Wednesday, August 31, 2005
Deep in the Heart of Dixie
The Deep South. Many years ago, when the South was still sort of a seperate country in just about every way but name, there was a two year part of my life in which I travelled about the area recently destroyed by Hurricane Katrina. It was a very pleasant part of the country--it will be again. Even now, some residents of the area are making plans to rebuild.
Seeing and hearing the news coverage of the ravaged areas, it seems like an impossible task, but there have been other disasters. We recover and rebuild. In a couple of years, we won't be able to tell there was a storm. New Orleans will never be the same, but it will be a wonderful city again.
Millions of people on and near the Gulf Coast have been wiped out. Their homes are gone. Their neighborhoods are gone. We don't yet know how many are dead, or who will yet die from secondary consequences of the storm.
I've found myself wondering about the fate of Julius, a Cajun man with whom I shared many a liberty in the Chicago/Waukegan/Milwaukee areas while we went to Engineman school at Great Lakes NTC. My orders sent me to Mayport, Florida to the USS Saratoga. His sent him to the West Coast to a ship, and presumably to Japan and maybe Southeast Asia. Before we left, Julius suggested that I spend part of my leave with him and his family in Lutcher, Louisiana.
It was there that I got my first taste of down home Cajun cooking, a style to which I quickly became addicted. Thus I remain, to this day. Blackened 'gator and redfish, crawfish bisque and Jambalaya poured over Cajun rice--don't get me started!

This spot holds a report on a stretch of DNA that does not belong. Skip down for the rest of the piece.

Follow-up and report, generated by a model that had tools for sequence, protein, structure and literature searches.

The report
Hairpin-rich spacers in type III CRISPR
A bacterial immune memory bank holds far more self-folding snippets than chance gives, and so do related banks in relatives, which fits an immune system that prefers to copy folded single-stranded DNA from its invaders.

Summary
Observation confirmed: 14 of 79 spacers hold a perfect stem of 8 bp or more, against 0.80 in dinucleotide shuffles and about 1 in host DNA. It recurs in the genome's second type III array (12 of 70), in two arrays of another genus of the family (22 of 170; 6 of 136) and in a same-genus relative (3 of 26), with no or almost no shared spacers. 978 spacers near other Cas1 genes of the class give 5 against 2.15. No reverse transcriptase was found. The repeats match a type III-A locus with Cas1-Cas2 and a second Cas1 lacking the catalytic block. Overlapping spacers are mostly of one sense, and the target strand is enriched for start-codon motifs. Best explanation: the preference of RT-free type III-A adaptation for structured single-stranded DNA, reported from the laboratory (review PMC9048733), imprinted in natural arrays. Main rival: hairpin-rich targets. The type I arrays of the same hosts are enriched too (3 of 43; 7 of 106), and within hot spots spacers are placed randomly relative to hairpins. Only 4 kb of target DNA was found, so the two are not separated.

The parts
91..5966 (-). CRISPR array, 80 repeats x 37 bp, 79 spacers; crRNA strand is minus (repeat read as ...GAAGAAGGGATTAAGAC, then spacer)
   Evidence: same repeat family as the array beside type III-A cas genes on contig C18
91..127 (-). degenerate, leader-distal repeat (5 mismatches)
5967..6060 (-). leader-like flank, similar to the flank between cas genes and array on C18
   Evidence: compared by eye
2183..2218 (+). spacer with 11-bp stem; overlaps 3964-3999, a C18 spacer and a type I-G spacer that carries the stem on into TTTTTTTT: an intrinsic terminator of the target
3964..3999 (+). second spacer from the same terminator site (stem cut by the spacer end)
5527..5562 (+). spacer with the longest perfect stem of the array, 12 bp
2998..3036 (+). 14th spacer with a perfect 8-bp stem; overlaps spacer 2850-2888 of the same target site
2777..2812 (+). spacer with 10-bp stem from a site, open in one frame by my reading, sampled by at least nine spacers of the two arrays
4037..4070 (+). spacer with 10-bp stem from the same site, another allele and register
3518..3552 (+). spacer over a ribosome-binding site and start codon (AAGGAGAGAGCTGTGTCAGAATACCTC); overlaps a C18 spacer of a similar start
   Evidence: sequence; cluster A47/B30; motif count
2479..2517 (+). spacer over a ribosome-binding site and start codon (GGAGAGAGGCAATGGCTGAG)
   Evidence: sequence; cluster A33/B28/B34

There's a brand of coffee we can still buy at most supermarkets, called Luziann. It has a little chicory mixed in. They don't advertise anymore that I know of, but when they did, they called it something like "the taste of Louisiana." The truth was, for the bayou folk, coffee was too expensive. They'd rather have had pure coffee any day of the week. They couldn't afford it. They cut it with chicory to make what they had go farther. Oh, some could acquire a taste for it, but it was ghastly, bitter stuff.
Lutcher was a small town, no one had much money. One of Julius' neighbors kept a large 'gator pit in his back yard. It looked to have about fifty 'gators sloshing around. Most of the folks fished or trapped in the bayoux back then. I think I remember seeing Po'k Salad Annie head out on a dugout canoe on one of those visits.
Oh, yeah. I went back a number of times on weekends from Mayport. Seems there was this girl..... Michelle Pernicieri, as I recall. Beautiful, but with one blemish to her nature: she was obsessed with getting away from Louisiana (to Los Angeles) and wanted someone to take her there. Well, I hope she made it. She sure tempted me.
All those times I hitchhiked across the Gulf states, from Jacksonville to the Bayoux, gave me an appreciation for that part of the country and a desire to travel through the area again. I'm deeply saddened by the events of the past few days and fervently hope that the recovery is easier and quicker than current predictions.
I find myself wondering whether Julius and Michelle, and the others whose names I've forgetten or never learned, are dealing with this disaster; if they're still there and still alive. I wish them well.